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Former Florida Disney employees Barbara Andreas and Stephen Cribb are suing the entertainment giant citing allegations of religious discrimination after their COVID-19 vaccine and mask exemptions were glossed over.

“I wish I could say [Disney] responded [to my exemption request] with diversity and inclusion like they preach, but unfortunately, we were met with a lot of silence, a lot of backlash, a lot of retaliation,” Andreas told Fox News’ Carley Shimkus Tuesday.

Andreas, who served as a guest experience manager at the ESPN sports complex during her time with Disney, expounded on the controversy¬†along with Cribb and attorney Carroll Sanders on “Fox & Friends First” early Tuesday.

UNVACCINATED SOLDIERS LOSE PAY, BENEFITS OVER COVID VACCINE MANDATE

Walt Disney World's Magic Kingdom saw over 20 million visitors in 2015-- the most of any theme park in the world.

Walt Disney World’s Magic Kingdom saw over 20 million visitors in 2015– the most of any theme park in the world.
(AP)

“I personally did an early interrogation call after I submitted my religious beliefs in writing and, since then, it was met with silence,” she added, telling viewers she carefully followed company guidelines and made sure to answer all the company’s “overbearing” questions.

Andreas said she was also “called out” by the GM of her living complex for not having taken the jab and called her treatment “unfair.”

FILE - In this March 3, 2021 file photo, a vial of the Johnson & Johnson COVID-19 vaccine is displayed at South Shore University Hospital in Bay Shore, N.Y. U.S. health advisers are meeting Friday, Oct. 15, to tackle who needs boosters of Johnson & Johnson's single-shot COVID-19 vaccine and when. (AP Photo/Mark Lennihan, File)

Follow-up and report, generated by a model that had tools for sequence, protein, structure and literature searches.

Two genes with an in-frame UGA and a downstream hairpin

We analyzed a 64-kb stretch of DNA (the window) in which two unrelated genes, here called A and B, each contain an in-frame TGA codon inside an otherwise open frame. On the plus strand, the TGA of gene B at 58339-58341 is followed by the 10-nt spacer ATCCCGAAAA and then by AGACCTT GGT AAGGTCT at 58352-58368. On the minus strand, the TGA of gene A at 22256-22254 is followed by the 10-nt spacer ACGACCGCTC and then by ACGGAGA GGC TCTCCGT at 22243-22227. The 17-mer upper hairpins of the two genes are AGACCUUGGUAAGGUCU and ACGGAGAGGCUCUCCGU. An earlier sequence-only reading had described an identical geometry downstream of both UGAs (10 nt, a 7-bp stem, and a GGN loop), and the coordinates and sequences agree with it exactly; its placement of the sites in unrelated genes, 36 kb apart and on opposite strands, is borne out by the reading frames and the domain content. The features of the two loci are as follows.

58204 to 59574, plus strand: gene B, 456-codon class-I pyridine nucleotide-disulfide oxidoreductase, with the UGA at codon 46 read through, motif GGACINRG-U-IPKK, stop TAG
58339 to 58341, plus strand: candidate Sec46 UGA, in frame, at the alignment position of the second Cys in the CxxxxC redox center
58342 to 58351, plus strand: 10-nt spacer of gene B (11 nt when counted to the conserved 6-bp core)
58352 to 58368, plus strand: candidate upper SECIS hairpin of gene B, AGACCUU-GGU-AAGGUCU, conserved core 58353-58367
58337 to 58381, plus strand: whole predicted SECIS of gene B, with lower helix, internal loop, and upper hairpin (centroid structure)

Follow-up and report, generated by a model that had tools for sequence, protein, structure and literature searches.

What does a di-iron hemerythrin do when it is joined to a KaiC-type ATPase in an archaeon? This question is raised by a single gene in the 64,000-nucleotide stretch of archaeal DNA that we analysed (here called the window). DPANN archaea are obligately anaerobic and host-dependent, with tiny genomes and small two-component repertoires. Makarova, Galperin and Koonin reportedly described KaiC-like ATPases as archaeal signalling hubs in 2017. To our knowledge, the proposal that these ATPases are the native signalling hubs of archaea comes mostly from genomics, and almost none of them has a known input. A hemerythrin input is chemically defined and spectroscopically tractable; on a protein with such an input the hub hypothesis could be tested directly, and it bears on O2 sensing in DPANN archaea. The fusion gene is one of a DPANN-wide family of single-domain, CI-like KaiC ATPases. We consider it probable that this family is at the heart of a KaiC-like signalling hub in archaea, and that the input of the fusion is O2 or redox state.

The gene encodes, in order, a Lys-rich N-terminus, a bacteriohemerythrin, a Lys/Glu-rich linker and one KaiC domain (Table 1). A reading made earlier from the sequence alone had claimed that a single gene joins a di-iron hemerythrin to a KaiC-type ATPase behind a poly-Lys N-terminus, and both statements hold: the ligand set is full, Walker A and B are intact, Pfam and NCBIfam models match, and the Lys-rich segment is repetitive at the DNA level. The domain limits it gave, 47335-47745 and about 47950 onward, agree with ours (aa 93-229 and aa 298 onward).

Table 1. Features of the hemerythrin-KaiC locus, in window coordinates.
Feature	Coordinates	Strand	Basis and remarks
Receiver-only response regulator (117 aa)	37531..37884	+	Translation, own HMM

FILE – In this March 3, 2021 file photo, a vial of the Johnson & Johnson COVID-19 vaccine is displayed at South Shore University Hospital in Bay Shore, N.Y. U.S. health advisers are meeting Friday, Oct. 15, to tackle who needs boosters of Johnson & Johnson’s single-shot COVID-19 vaccine and when. (AP Photo/Mark Lennihan, File)

Cribb, who was fired from the company in March, followed Andreas’ story with his own, sharing that the company’s human resources department reached out to him and refused to speak once he asked if his attorney could be present during the call.

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“As many times as I reached out to them and told them I’d be happy to have the conversation with my attorney present, they refused to speak with me,” he said.

Attorney Carroll Sanders, a representative for the former employees, said he and his colleague received the same silence Cribb and Andreas received when reaching out to Disney for comment.

 

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